When Santa Fe was founded in 1607, official records show a Fonda, or Inn, was among the first businesses established. The history can be traced back 400 years and has lasted throughout the Civil War, the railroad expansion, and New Mexico statehood. In 1821, Captain William Becknell found the Inn waiting to welcome his group as they completed the first successful trading expedition from Missouri to Santa Fe. Literally “at the end of the trail,” the original adobe hotel stood at the corner of the Santa Fe Trail and San Francisco Street.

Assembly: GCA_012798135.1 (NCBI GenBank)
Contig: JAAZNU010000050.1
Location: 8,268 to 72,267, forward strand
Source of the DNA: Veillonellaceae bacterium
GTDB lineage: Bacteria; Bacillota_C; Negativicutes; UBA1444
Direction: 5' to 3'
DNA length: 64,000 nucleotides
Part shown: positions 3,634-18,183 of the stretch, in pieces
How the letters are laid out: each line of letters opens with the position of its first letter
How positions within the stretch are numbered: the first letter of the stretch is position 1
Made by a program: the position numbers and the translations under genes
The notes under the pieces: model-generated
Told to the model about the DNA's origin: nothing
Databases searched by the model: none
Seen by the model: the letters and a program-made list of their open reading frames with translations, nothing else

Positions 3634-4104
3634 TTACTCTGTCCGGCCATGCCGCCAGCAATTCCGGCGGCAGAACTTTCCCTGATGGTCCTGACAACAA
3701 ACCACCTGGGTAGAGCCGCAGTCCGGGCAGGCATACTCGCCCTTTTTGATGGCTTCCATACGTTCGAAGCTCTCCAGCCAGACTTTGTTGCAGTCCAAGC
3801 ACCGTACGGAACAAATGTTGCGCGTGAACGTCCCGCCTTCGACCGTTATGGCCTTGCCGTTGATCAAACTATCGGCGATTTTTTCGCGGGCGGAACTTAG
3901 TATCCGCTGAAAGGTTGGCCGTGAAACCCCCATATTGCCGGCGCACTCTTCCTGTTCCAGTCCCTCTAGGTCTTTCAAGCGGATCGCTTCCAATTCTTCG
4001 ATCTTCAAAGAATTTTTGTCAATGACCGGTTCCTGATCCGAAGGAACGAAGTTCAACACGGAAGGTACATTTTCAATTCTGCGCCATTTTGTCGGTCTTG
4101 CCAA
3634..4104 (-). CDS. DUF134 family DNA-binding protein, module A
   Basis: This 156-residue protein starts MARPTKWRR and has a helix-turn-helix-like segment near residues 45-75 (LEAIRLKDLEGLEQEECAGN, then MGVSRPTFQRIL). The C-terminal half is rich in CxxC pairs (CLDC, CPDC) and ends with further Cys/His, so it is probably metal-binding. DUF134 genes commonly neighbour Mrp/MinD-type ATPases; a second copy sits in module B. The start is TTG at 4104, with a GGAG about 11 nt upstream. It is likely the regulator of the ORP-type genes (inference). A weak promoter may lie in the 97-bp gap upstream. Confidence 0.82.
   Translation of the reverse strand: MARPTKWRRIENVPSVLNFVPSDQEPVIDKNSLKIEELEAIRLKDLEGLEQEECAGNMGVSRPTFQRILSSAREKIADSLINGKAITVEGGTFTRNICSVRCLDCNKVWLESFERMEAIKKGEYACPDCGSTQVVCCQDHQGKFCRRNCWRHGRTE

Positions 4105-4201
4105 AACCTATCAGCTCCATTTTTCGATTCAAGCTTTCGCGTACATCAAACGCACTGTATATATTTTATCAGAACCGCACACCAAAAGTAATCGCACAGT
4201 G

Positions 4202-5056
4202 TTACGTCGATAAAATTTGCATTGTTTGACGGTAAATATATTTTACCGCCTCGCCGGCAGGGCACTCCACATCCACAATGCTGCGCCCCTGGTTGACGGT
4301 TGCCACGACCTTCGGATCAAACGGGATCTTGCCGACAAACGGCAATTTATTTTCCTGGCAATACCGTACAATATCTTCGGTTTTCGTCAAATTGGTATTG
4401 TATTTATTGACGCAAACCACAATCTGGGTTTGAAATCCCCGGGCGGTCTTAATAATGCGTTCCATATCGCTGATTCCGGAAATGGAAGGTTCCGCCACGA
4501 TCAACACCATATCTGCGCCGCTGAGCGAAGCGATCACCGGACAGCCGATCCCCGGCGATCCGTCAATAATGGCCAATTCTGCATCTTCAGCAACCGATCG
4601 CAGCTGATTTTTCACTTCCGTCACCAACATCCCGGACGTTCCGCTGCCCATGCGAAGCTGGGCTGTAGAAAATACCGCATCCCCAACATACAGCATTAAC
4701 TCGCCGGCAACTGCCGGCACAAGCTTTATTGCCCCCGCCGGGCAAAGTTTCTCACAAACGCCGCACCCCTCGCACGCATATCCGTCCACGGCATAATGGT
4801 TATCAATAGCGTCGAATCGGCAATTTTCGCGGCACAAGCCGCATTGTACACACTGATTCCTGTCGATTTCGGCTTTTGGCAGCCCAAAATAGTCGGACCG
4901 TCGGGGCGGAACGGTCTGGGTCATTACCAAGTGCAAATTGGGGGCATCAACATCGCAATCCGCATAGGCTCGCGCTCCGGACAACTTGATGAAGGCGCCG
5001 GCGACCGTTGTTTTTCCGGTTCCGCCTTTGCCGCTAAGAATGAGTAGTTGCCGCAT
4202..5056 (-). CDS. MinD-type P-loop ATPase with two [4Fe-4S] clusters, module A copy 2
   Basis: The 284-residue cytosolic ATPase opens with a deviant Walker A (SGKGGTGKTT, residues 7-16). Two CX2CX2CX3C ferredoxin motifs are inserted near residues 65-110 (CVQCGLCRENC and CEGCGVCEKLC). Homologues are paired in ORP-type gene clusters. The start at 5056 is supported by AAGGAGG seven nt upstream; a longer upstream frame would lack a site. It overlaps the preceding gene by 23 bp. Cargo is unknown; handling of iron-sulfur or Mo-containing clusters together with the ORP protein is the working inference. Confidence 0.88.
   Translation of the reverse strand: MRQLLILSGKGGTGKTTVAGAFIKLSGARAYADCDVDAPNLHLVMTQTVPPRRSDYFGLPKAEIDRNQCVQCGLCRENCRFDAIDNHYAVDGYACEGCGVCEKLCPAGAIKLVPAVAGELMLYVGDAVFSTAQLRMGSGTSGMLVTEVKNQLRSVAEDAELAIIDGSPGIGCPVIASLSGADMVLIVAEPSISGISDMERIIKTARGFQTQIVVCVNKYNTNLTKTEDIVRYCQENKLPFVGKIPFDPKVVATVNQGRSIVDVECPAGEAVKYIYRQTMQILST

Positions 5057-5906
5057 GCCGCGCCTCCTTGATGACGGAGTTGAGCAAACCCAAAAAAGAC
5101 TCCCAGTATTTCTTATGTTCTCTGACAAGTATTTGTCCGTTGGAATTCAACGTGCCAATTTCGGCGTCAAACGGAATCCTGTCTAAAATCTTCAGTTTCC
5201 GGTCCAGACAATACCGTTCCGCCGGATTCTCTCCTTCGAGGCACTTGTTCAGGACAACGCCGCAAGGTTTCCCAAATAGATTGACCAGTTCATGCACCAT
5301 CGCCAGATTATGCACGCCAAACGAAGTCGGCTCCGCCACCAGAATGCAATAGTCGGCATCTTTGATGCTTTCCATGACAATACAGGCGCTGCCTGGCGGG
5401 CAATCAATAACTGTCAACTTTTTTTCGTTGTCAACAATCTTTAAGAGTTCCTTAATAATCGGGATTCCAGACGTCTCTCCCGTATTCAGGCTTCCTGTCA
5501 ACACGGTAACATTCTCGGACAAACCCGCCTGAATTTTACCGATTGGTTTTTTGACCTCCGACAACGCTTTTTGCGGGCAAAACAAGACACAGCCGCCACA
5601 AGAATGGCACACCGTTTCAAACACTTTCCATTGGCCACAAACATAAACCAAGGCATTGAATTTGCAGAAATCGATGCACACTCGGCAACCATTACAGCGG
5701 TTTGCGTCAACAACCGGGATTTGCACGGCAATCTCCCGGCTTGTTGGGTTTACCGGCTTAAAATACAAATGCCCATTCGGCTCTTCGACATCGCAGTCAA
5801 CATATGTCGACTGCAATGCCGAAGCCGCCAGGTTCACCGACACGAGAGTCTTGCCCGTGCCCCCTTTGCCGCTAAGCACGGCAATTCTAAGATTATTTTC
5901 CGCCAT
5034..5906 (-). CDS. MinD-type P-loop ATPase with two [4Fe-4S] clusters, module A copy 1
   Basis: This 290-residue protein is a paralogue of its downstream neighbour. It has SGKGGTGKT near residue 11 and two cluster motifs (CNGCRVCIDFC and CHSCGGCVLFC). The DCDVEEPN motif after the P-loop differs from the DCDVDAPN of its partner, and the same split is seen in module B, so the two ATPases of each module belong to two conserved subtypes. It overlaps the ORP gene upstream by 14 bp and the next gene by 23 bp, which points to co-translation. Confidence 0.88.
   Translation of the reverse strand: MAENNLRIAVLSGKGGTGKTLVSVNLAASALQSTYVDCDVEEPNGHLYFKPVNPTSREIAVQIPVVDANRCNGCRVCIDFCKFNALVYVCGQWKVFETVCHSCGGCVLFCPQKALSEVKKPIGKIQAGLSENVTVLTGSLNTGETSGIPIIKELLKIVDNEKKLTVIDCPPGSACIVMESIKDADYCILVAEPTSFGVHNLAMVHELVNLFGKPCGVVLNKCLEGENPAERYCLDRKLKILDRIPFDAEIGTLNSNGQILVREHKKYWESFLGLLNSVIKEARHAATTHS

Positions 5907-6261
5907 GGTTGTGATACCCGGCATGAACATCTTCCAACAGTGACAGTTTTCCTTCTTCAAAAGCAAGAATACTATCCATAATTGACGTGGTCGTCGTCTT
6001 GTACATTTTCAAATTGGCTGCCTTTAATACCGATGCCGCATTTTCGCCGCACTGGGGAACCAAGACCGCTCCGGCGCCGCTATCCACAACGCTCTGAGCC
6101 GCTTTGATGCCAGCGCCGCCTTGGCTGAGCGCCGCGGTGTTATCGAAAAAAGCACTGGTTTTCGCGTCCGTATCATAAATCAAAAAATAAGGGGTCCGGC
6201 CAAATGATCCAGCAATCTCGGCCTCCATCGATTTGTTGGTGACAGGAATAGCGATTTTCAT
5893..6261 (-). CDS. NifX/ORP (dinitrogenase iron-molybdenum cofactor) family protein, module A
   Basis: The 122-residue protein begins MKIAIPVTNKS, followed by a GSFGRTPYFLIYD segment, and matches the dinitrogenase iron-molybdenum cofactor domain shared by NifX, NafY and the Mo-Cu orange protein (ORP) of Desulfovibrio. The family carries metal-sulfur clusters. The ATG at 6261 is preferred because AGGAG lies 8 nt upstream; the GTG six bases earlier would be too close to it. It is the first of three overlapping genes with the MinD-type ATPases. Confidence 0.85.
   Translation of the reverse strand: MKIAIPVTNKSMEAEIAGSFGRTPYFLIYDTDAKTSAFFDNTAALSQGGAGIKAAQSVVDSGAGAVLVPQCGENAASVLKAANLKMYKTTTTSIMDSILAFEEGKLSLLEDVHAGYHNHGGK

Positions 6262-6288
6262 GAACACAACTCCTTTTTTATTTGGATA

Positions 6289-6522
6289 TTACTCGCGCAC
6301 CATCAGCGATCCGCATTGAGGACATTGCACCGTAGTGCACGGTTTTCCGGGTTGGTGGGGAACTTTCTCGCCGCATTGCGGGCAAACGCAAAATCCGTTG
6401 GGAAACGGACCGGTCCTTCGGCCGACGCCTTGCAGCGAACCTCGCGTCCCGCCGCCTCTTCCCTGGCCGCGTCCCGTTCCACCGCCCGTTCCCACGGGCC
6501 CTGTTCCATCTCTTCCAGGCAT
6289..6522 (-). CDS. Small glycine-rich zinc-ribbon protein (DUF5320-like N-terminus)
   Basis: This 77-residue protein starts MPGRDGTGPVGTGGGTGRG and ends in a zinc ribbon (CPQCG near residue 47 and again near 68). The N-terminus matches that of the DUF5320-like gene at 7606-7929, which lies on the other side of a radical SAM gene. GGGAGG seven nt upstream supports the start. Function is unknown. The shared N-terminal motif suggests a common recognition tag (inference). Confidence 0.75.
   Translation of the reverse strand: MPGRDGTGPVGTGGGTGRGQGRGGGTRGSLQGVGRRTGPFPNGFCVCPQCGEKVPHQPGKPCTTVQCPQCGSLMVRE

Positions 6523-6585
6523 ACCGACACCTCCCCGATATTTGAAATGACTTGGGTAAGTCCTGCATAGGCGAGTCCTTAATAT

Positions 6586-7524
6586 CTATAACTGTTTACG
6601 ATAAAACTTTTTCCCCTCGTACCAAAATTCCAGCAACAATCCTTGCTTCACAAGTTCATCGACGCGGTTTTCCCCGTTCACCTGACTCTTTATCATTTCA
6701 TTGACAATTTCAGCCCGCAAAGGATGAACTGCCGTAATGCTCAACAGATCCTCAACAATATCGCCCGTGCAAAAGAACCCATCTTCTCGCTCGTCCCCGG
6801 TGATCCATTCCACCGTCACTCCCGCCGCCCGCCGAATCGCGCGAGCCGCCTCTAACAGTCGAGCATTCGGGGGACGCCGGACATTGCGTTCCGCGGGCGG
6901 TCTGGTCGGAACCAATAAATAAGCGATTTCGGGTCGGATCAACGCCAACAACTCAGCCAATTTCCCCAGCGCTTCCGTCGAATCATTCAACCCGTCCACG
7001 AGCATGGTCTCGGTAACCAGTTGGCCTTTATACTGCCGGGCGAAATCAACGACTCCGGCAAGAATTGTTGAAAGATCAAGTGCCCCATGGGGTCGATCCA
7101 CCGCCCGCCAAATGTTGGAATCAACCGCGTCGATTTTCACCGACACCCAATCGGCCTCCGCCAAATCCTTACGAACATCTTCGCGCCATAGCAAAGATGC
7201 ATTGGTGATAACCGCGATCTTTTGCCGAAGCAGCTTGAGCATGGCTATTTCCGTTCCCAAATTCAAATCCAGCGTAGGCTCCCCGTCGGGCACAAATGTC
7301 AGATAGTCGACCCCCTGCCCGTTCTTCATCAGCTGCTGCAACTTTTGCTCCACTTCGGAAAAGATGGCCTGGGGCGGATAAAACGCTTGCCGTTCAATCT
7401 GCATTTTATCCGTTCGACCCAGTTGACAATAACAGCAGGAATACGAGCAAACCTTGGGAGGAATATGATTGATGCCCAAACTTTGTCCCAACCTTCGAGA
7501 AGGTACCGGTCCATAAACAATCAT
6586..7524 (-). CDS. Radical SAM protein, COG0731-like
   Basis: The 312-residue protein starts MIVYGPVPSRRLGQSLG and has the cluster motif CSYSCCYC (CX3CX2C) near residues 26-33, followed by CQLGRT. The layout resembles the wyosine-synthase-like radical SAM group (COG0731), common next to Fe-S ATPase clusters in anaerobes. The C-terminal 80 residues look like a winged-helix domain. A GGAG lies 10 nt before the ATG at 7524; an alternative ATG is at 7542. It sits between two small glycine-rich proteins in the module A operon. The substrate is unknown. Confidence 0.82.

With the trade route established, “La Fonda” soon became the destination of trappers, mountain men, merchants, soldiers, politicians, and gamblers. When New Mexico became a U.S. Territory in 1848, the inn was purchased, and the name was changed to the U.S. Hotel. The hotel was sold again and became The Exchange Hotel, the name under which it operated for nearly 60 years. By 1907, the deteriorated Exchange Hotel had become a run-of-the-mill boarding house. It survived long enough to see New Mexico attain statehood in 1912 but the old adobe structure was demolished in April 1919 as part of a planned World War I Bond Rally. In 1920, citizen investors bought stock to finance the present-day La Fonda, built on the same site at the southeast corner of the Plaza.